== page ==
Finding nutritional food on campus remains a challenge
University students in Dhaka have a busy schedule due to their long commutes, classes, part-time jobs, and of course, studies. A satisfying meal at one's favourite eatery, at home, or in the campus cafeteria during a study break may provide the best release from the tedium of academic problems. Yet, too often, people prioritise their hunger over their health and wellbeing.
While most of us are aware that we should eat foods from a wide variety of food groups, when we are away from home, we tend to prioritise foods that provide the greatest return in terms of energy, taste, and cost. But how do we continue to meet our regular nutritional needs?
There are many factors that contribute to the vastly different experiences that students have at various institutions, such as the quality of the on-campus cafeteria and the location of the university. For campuses located on the fringe of Dhaka city, students may be forced to eat all of their meals on campus, which increases their time away from home and decreases their dining options. Some universities, however, have convenient access to fast food restaurants and other dining options because they are located in commercial areas.
Fourth-year BBA students Salsabil Noor Nokshi and Fahim Rahman say that most North South University (NSU) students choose to eat at one of the many nearby street vendors or restaurants rather than the more hygienic and nutritious options available a little further away from campus.
Fahim claims that "many students order in" because of the convenient food delivery options available in the Bashundhara neighbourhood.
Nokshi says, "After a long, exhausting day, there is nothing more discouraging than biting into a sandwich only to find that it tastes as bland as paper towels despite the exorbitant prices, so street food it is."
Adrita Khanam*, BBA sophomore at the University of Dhaka says she would rather eat daal-bhaat cooked at home than fried food or tehari. As a student living on campus, however, she frequently feels confined by her surroundings.
She elaborates, "The food in the Department of Fine Arts is cleaner and cheaper than the food in my department's cafeteria."
Azra Humayra, third-year Journalism major at the same university shared a similar sentiment, saying, "The canteens here are subsidised, and they don't care enough about feeding the students nutritious food."
However, most students are on a tight budget, so it is essential that nutritious food be made available at reasonable prices.
"Eating habits are very important to the overall health and academic performance of university students," says Tripty Chowdhury, a Senior Nutritionist at Bangabandhu Sheikh Mujib Medical University (BSMMU). She argues that poor-quality ingredients, especially sugar, salt, oil, and spices, are one of the biggest deterrents to a healthy diet and regular exercise.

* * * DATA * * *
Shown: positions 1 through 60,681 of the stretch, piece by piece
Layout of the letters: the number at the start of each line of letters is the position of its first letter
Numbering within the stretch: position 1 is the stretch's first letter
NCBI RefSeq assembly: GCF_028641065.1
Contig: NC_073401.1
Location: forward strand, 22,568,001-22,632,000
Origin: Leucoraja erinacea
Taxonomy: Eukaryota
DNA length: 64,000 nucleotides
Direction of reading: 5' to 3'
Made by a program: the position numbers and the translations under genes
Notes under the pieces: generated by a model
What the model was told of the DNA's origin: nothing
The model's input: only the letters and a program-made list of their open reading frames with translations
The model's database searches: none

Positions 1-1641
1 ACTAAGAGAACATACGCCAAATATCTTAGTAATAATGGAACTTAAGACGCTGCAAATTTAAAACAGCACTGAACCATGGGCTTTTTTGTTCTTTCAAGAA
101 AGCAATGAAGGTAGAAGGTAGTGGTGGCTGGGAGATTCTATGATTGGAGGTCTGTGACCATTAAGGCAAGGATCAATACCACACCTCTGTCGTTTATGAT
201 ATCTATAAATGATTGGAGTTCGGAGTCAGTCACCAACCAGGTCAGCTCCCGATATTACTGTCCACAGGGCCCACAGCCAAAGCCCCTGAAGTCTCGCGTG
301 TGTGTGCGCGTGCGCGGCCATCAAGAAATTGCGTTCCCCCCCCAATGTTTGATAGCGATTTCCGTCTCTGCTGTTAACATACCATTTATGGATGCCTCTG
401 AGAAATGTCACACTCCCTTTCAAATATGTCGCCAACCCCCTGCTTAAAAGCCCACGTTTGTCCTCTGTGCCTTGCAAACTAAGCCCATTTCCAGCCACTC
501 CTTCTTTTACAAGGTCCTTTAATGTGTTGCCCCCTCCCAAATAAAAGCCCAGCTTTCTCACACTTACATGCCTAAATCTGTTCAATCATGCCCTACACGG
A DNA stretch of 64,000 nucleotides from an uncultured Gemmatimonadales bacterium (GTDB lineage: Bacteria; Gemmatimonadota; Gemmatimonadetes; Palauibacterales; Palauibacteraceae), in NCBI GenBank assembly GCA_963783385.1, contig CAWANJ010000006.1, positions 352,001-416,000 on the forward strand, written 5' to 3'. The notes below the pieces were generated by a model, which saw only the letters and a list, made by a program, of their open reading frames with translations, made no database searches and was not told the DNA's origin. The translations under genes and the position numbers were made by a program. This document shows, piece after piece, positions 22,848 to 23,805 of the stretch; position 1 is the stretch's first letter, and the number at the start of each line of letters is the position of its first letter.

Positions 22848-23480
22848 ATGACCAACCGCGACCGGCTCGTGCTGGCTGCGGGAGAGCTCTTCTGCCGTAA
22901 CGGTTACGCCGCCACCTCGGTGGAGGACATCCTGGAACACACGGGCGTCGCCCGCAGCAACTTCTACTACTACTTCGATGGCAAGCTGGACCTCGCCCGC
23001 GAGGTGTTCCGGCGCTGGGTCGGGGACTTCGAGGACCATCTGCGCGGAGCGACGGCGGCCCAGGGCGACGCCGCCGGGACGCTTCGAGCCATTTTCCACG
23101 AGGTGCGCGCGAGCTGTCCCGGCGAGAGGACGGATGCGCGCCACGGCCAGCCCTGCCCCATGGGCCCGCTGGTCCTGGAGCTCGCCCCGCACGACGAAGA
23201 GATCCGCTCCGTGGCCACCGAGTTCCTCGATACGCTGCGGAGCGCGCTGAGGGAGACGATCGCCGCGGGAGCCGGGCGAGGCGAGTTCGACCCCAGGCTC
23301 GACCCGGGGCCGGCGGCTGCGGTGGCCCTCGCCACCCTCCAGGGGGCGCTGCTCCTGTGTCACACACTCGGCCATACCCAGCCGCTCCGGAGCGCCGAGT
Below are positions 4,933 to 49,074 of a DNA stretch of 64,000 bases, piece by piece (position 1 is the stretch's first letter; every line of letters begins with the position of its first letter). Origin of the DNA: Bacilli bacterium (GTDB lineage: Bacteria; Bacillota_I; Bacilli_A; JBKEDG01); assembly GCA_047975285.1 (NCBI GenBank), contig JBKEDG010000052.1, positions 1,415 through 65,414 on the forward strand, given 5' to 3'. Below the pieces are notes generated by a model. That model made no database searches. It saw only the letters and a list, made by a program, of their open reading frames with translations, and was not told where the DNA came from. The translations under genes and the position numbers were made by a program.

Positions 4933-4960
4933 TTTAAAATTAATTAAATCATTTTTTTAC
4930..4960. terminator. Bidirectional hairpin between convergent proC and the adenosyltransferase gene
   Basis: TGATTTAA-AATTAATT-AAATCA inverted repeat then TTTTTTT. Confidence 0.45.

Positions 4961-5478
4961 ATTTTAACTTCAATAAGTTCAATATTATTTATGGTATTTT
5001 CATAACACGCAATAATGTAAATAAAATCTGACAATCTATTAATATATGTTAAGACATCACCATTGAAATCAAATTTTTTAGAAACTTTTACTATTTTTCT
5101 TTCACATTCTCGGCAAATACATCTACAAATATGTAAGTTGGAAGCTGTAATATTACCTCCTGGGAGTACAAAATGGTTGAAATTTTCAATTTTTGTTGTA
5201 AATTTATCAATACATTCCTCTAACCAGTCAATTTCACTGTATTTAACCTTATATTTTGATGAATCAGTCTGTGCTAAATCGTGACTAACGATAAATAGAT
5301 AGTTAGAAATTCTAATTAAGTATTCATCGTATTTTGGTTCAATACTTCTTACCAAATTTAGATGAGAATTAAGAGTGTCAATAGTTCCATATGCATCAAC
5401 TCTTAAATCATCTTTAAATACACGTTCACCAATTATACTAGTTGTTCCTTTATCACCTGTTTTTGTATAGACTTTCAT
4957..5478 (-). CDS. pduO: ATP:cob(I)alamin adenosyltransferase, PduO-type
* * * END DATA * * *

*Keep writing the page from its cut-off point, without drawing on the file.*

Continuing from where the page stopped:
Ushmila Tamim, a fourth-year English major at University of Liberal Arts Bangladesh (ULAB), says that in addition to fried food, tea, coffee, and heartier meals like polao, biryani, tehari, the cafeteria also serves a variety of desserts. She is grateful for the variety of on-campus resources but is concerned about their financial and physical toll.
Cafes regularly spring up near and even on university campuses to meet the rising demand for sugary sodas, caffeinated beverages, and other carbonated drinks among students.
Fatiha Taiara, a fourth-year Media Studies student at ULAB, say, "Many of my friends rely on caffeinated drinks instead of food when they are hungry or sleepy because it is a quick fix."
Tripty Chowdhury warns against drinking more than three cups of tea or coffee per day, preferably without milk and sugar, because, she says, "Caffeine gives us a boost of energy but can be harmful for those who suffer from anxiety or blood pressure swings on a regular basis."
The responses from different students show that the universities in Dhaka need to raise the quality of their cafeterias and provide more nutritious food options. Even though many universities offer meal plans with healthy and varied options, the rising cost of these plans is becoming a major concern for many students.
Tripty Chowdhury recommends replacing carbonated drinks with lemonades and fresh juice and adding fresh salad crates, hard-boiled eggs, vegetables, and fat-free, probiotic-enriched yoghurt to the cafeteria's food selection. She also suggests having a nutrition expert on campus and posting health charts in the cafeteria to help students, faculty, and authorities make educated decisions.
Students have suggested that, among other things, adding more nutrient-dense options to the menu, reducing the availability of fried foods, using higher-quality ingredients, cooking meals in a cleaner kitchen, and properly storing food could improve the cafeteria's food quality and safety.
According to Tanha Tarannum, a fourth-year Media Studies student at the Bangladesh University of Professionals (BUP), "We have recently seen some changes regarding increasing the variety of items and decreasing the price rates, and the authority acted on our suggestion."
She says that although the cafeteria is a bit pricey all around, it does offer some reasonably priced healthy options, such as seasonal fruits and juices.
University administrations should prioritise providing students with healthy and varied food options because of the positive effects it can have on students' mental health, academic performance, and resilience. If there is a greater awareness raised about the importance of proper nutrition, and if the dining facilities on campus are modified to be healthier, then the academic performance of students as well as their overall health can be significantly improved.
*Names have been changed upon request
Nahian Jamal Joyeeta is a student of journalism at ULAB.